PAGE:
Can Landlords be Criminally Liable for Injury and Death that Occurs Due to Negligence?

In most cases, if a landlord’s negligence leads to an unsafe condition on their property, the landlord generally won’t be held criminally liable for resulting injuries or death. However, an exception may occur if the landlord’s actions were especially egregious.

Last December, a fire killed 36 people at the Ghost Ship artist collective in Oakland, California. The space, which had been rented to artists as a living and working space, was also used for parties, similar to the dance party that was underway when the tragedy occurred.

The art collective’s manager, Derick Alamena and his assistant, Max Harris, were arrested earlier this week in connection with the deadly blaze. They are each being charged with 36 counts of involuntary manslaughter. Although it is not believed that either Alamena or Harris had anything to do with starting the fire, their egregious disregard for the safety of tenants and party-goers has elevated their actions to criminal status. A MA criminal defense lawyer can help you determine how to proceed if you’ve been charged with involuntary manslaughter.

Why Was the Ghost Ship Fire So Deadly?

When the fire began, party attendees tried to escape but found themselves trapped on the second floor. There was only one exit on the floor, and it had been blocked prior to the start of the party. In addition, the building had no sprinkler system, and there were no fire extinguishers on the second floor.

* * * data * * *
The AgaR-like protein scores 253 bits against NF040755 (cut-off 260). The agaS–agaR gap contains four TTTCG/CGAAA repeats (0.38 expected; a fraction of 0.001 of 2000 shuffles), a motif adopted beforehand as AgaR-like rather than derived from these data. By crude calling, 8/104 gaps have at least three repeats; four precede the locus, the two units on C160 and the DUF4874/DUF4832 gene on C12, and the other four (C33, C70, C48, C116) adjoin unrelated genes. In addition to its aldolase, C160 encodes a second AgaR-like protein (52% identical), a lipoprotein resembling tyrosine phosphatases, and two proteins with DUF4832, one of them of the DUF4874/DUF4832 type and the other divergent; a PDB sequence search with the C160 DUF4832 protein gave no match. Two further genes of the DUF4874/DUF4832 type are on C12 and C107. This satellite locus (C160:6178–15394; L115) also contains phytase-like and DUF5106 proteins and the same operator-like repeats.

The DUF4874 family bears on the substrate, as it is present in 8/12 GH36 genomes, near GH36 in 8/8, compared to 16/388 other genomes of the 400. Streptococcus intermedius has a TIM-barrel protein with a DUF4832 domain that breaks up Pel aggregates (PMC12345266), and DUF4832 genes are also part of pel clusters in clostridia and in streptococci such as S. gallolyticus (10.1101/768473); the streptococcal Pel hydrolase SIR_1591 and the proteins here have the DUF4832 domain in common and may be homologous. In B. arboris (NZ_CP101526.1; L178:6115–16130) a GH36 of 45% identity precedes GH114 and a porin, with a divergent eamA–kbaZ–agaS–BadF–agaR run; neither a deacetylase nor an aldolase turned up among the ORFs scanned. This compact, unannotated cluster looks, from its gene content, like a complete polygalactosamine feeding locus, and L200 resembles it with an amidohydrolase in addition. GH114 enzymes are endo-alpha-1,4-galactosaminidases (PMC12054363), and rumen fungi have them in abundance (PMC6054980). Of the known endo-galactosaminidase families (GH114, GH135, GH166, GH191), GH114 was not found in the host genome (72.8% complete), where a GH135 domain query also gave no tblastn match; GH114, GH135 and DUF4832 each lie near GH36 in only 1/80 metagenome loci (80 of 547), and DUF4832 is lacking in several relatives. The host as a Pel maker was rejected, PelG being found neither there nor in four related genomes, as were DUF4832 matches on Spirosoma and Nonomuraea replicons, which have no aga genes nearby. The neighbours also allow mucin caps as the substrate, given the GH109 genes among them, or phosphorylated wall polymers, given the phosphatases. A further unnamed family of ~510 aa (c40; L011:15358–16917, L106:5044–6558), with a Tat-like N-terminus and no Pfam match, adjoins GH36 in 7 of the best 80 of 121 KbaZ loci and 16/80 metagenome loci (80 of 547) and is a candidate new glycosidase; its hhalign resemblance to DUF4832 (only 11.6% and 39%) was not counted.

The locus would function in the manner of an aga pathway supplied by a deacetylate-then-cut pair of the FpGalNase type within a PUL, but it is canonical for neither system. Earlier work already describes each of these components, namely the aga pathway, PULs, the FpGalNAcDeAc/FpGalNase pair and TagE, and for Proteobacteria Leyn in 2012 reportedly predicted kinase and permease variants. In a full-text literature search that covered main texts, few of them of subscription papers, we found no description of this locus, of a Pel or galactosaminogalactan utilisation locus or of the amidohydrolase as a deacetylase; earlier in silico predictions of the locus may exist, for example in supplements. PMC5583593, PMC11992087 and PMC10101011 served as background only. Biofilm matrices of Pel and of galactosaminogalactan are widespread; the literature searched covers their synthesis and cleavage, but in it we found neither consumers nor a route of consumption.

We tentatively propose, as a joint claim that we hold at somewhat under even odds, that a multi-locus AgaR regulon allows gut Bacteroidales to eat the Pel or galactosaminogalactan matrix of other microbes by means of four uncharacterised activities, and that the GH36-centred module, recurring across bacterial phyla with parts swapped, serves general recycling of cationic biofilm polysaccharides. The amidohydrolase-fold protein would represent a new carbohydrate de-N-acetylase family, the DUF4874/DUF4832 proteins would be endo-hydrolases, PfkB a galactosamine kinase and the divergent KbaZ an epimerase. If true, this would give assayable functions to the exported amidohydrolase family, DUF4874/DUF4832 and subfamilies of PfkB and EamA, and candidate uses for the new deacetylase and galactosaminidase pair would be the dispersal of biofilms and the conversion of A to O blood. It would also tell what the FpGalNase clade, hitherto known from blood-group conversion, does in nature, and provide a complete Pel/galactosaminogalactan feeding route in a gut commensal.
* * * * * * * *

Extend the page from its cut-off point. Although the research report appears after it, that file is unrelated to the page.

Alamena and Harris are facing criminal charges due to a string of bad decisions which preceded the tragedy. For starters, the building was not permitted for any of the activities Alamena had allowed. Artists lived in makeshift homes, including tents and RVs parked inside the building. And electricity from an adjacent building was carried, via extension cords, through a hole in the wall.

The victims’ families had filed a wrongful death lawsuit against the owner of the building, party promoter, the city, and Alamena. However, no criminal charges had been filed until this week. When death results from negligence, a wrongful death lawsuit often follows. This is a civil, not criminal, lawsuit. However, when gross negligence leads to death, as in the case above, criminal charges may be filed. A Boston defense lawyer can help you protect your rights if you’ve been charged with any type of crime.

Wrongful Death Vs. Criminal Charges

When families bring a wrongful death lawsuit against a party whose negligence caused the death of their loved one, it is a civil action. In order to prove that someone is guilty of causing another’s wrongful death, the plaintiff’s attorney must prove that the defendant’s carelessness or negligence resulted in death. However, the burden of proof in a wrongful death case is vastly different than in a criminal case. In a criminal case, the prosecutor must establish that the defendant committed a crime “beyond a reasonable doubt,” whereas a prosecutor in a civil case must only prove that the defendant is responsible by a “preponderance of the evidence,” which loosely translated means “more likely than not.”

Altman & Altman, LLP – Boston’s Top Criminal Defense Law Firm

If you have been charged with involuntary manslaughter, the skilled legal team at Altman & Altman, LLP can help. We have been protecting the rights of individuals charged with crimes for more than 50 years. It is our goal to keep you out of jail, protect your reputation, and keep your record clean. If you have been charged with any type of criminal offense, from OUI to murder, we can help you get your life back on track. Our experienced attorneys have an impressive track record of getting clients’ charges reduced, or dismissed entirely. People make mistakes. Don’t make another one by hiring the wrong attorney. Contact Altman & Altman, LLP today for a free and confidential consultation about your case.

Contact Information